What is a bank reconciliation?

A bank reconciliation is a process performed by a company to ensure that the company's records (check register, general ledger account, balance sheet, etc.) are correct and that the bank's records are also correct.

The bank reconciliation for a company's checking account begins with the company noting the balance per the bank statement and then making some notations about that balance. For example, the balance on the bank statement is probably not the amount that appears in the company's records. In all likelihood the checks written by the company in the days immediately before the date of the bank statement will not have cleared (been deducted from) the checking account. These are called outstanding checks. Another possibility is that the company received money on the closing date of the bank statement and properly recorded the amount in its records. However, the money was deposited into the bank too late in the day and will appear on the next bank statement. This is known as a deposit in transit. Let's begin the bank reconciliation by assigning some amounts to the items just mentioned:

Balance per bank statement at October 31 $6,442.56; outstanding checks as of October 31 $3,400.00; deposits in transit at October 31 $1,000.00. The adjusted balance per the bank statement on October 31 is $4,042.56 ($6,442.56 + $1,000.00 - $3,400.00).

Next, the bank reconciliation requires that the amount in the company's records (for this bank statement account) be noted. In all likelihood the amount in the company's records will not agree with the adjusted bank amount. One explanation could be the bank fees that the bank took out of the checking account, but the fees were not yet recorded in the company's records. A common example is the bank service charge for maintaining the checking account, handling returned checks, and check printing fees. The bank might also deduct loan payments or process other transactions that the company has not yet entered into its records. Let's illustrate the company's adjusted balance with some amounts:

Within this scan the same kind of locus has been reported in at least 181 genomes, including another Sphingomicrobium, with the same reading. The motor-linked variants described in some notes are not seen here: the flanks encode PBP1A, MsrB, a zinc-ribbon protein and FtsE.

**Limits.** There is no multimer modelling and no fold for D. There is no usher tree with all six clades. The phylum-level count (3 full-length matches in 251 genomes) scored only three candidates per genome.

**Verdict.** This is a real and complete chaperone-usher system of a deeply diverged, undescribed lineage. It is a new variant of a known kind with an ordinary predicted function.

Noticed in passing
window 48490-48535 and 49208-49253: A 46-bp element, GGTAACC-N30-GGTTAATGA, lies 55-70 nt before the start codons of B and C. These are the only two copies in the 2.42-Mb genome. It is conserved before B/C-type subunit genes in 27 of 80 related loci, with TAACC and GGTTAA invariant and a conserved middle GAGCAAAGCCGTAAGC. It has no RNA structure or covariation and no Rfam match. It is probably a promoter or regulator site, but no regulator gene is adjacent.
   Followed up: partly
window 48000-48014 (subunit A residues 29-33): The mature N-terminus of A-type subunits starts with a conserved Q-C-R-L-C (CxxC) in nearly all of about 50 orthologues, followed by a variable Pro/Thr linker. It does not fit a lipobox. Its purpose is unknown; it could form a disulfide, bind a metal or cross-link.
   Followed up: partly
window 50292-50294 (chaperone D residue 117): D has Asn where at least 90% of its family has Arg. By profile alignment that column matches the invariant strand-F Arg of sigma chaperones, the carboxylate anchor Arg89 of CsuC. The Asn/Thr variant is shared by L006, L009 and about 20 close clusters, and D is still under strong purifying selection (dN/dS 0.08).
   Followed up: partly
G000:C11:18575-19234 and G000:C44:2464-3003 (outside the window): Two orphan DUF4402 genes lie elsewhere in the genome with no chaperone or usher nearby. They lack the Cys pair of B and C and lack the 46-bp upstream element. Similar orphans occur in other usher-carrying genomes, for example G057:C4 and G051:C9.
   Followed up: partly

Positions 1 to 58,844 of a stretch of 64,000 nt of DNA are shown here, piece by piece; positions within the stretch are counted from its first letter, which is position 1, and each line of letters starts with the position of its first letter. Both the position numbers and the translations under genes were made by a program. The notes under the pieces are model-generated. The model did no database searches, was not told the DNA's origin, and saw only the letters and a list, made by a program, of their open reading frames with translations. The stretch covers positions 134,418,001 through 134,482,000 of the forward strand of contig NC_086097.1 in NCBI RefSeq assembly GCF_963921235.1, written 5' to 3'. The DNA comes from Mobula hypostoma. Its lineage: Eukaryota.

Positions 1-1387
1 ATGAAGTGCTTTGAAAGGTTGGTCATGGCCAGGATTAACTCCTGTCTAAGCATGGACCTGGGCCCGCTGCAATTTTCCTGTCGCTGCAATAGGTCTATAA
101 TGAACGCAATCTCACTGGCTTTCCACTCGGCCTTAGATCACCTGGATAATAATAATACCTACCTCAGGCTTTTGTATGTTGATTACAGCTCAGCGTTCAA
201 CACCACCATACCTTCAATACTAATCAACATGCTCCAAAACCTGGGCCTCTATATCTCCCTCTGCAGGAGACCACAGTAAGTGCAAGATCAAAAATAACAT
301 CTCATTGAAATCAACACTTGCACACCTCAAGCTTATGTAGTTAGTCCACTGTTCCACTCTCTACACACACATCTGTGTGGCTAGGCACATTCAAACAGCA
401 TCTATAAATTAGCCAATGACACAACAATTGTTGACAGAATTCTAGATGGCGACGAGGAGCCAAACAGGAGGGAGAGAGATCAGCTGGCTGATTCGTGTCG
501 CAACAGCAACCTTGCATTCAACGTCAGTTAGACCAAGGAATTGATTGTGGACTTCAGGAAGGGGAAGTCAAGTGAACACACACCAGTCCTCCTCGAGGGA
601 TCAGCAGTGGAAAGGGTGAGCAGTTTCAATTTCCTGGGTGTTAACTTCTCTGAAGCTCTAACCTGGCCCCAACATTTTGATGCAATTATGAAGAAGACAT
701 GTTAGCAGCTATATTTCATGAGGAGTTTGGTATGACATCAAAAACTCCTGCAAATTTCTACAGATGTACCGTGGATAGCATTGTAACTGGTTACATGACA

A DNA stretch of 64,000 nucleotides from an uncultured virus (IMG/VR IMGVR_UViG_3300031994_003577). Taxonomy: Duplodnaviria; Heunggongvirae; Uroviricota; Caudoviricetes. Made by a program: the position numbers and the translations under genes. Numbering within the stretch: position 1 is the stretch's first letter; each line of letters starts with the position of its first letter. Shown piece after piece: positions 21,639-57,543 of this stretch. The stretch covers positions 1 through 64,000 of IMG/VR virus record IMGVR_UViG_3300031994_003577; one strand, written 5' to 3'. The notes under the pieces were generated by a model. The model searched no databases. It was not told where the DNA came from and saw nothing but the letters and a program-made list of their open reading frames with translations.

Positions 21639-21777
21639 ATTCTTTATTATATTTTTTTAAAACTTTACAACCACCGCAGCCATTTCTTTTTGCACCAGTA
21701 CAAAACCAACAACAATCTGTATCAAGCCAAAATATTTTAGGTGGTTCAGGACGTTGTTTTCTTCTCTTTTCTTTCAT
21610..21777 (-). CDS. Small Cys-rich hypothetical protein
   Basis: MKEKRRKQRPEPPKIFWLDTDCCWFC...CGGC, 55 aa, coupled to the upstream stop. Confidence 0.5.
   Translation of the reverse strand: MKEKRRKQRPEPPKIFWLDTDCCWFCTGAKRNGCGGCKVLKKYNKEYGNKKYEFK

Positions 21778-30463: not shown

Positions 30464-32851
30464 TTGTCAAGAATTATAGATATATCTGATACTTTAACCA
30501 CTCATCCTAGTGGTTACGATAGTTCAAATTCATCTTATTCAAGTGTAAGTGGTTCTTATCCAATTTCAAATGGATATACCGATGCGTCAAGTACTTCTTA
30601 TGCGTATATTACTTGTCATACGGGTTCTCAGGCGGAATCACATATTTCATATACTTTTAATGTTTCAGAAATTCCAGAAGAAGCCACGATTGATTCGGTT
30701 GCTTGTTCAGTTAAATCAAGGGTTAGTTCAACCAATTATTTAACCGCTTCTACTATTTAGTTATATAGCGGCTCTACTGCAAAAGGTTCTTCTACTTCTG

Balance per the company's records (account register, general ledger account) $4,340.56; bank service charge $63.00; check printing charge $120.00. The adjusted balance per the company's records, or per books, is $4,157.56 ($4,340.56 - $63.00 - $120.00).

If the adjusted balance per the bank agrees with the adjusted balance per the books, the bank reconciliation is completed. In our example, the adjusted balance per the bank is $4,042.56 and the adjusted balance per the company's books is $4,157.56. The difference of $115.00 means that the bank reconciliation is not completed. The $115.00 difference must be identified. Finding the difference is likely to be tedious, but it must be done. After all differences have been identified, any adjustments to the company's balance must be entered into the company's records with a journal entry. It is the reconciled, adjusted balance that is to be reported on the company's balance sheet.

As mentioned above, performing a bank reconciliation is necessary for the accuracy of the accounting records and for the company's financial statements. Bank reconciliations are also associated with a company's internal controls over cash. If the bank reconciliation is performed by someone other than the authorized check signers and record keepers, the company has improved its internal control over cash.